Excess cashew nuts are dangerous because the digestive system of a dog is different from a human. Therefore, what a human would eat with convenience, a dog would eat and have a massive stomach upset along with other serious health complications.
Here are some of the potential dangers and health complications that could result when your dear Fido ingests too many cashew nuts.
The majority of dog breeds, such as the English Bulldog and the Beagles, gain massive weight quickly, especially when they eat foods with high calories. So should your pooch fall among the obesity-prone category, you’d want to be extra careful with treats like cashew nuts.
Cashew nuts contain lots of fat that could induce rapid weight gain in your dear Fido. And excessive weight gain within a short period could cause hip and joint problems, especially in young pups.
Furthermore, obesity causes heart diseases that reduce a dog’s vitality and significantly shorten its lifespan.
Pancreatitis is a common problem that develops when a dog’s liver cannot break down excess fat in its body. Essentially, the pancreas is overwhelmed by the overabundance of fat and starts to inflame, releasing toxic enzymes into your pooch’s body which endangers other vital organs.
Expectedly, inflammation causes severe abdominal pain and discomfort that may be followed by vomiting. Keep in mind that pancreatitis, when detected, requires urgent medication, or it may lead to death.
Bladder stones are tiny crystals that form when certain substances are present in high concentrations in your four-legged companion’s body. In the case of cashew nuts, phosphorus is the culprit that crystallizes to form small stones in your doggie’s bladder.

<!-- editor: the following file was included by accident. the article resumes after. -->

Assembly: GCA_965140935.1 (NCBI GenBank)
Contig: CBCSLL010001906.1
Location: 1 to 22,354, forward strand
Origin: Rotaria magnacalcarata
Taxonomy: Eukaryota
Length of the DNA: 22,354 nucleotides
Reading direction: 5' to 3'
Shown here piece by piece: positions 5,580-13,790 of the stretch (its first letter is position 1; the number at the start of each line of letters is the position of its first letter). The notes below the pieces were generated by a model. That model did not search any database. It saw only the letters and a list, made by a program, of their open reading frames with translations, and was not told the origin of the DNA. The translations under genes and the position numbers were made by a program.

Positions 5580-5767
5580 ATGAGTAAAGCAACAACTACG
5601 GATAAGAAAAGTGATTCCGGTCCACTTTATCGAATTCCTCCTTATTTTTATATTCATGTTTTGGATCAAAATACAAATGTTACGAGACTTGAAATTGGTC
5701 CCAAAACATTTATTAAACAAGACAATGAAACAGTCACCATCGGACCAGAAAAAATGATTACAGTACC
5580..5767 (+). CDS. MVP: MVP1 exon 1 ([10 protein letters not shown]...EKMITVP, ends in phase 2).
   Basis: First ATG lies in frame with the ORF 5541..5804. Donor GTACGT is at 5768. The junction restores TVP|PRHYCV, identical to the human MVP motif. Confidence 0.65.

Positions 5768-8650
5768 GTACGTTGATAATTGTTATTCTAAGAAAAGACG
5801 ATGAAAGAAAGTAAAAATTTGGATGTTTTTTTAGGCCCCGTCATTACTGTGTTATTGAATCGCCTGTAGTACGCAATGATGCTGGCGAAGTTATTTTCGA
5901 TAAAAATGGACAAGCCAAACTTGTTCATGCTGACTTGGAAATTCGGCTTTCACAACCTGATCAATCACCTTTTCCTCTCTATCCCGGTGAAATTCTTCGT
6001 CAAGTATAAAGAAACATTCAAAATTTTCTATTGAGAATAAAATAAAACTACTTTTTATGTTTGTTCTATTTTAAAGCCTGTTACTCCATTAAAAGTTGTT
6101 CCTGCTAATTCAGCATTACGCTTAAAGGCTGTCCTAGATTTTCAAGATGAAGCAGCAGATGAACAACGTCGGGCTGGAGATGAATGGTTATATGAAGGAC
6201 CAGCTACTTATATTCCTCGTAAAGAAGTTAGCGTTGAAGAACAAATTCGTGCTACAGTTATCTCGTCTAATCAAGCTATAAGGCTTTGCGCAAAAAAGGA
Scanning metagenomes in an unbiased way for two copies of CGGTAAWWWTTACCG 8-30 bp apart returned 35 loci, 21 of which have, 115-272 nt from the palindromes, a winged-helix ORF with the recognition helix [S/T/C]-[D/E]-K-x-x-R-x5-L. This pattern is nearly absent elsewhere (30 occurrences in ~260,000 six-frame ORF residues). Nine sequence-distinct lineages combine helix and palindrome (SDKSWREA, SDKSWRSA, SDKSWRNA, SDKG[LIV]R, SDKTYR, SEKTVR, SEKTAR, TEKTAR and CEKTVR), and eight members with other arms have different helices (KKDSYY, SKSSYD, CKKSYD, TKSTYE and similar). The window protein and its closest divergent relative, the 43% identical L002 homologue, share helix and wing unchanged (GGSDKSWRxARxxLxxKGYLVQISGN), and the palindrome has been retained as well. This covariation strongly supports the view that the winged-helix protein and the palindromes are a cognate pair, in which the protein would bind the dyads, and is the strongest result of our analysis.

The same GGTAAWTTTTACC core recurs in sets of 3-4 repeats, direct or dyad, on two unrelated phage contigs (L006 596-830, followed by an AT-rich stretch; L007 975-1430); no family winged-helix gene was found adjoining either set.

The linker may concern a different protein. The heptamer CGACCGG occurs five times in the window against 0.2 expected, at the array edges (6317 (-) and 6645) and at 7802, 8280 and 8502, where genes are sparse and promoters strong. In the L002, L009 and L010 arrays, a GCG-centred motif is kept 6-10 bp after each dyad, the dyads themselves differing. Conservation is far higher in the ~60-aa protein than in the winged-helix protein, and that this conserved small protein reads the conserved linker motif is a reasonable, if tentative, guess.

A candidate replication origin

Consequently, the crystallized stones block the urinary tract and cause your canine companion to experience painful stings during urination.
Typically, your furry buddy would sniff its meal before consuming it. But the danger with small-sized edibles like cashew nuts is that dogs could mistakenly sniff too hard and get one or two nuts lodged in their nasal cavities.
A cashew nut blocking the nostrils or the trachea could cause suffocation within seconds, which could lead to death.
Although cashew nuts don’t contain much sodium, the processing and packaging mainly entail a salting process. And foods with high sodium concentrations are detrimental to your puppy’s health because excess salt destroys cells and hampers proper brain function.
As is with humans, cashew nuts could cause adverse reactions in dogs with allergies.
Anaphylaxis is the term used to describe oversensitivity to an allergen that could induce life-threatening symptoms. And studies have shown that allergens are present in nearly all US homes.
So, feeding your canine pal cashew nuts even when it doesn’t have an allergy could be disastrous. And sometimes, many a dog parent doesn’t even know about their dog’s allergy until it’s too late. Hence, there’s a cause to be watchful minutes after throwing some nuts to your beloved canine.
Here are some of the signs of allergies to watch out for:
Hives show up as tiny, red dots covering parts of a dog’s body when there’s an allergic reaction. The dots usually erupt within a few hours of ingestion and could cause itching and restlessness.
Inflammation of the nose could be a sign of an allergy. For example, when dogs develop Rhinitis, the mucous membranes swell and obstruct the free flow of air through the nostrils. Rhinitis also causes nasal discharge and makes breathing difficult.
Watery eyes in dogs are a clear indication of viral infection or allergy. A dog with watery eyes would develop a blurry vision, constantly dab at its eyes, and could hurt itself in the process.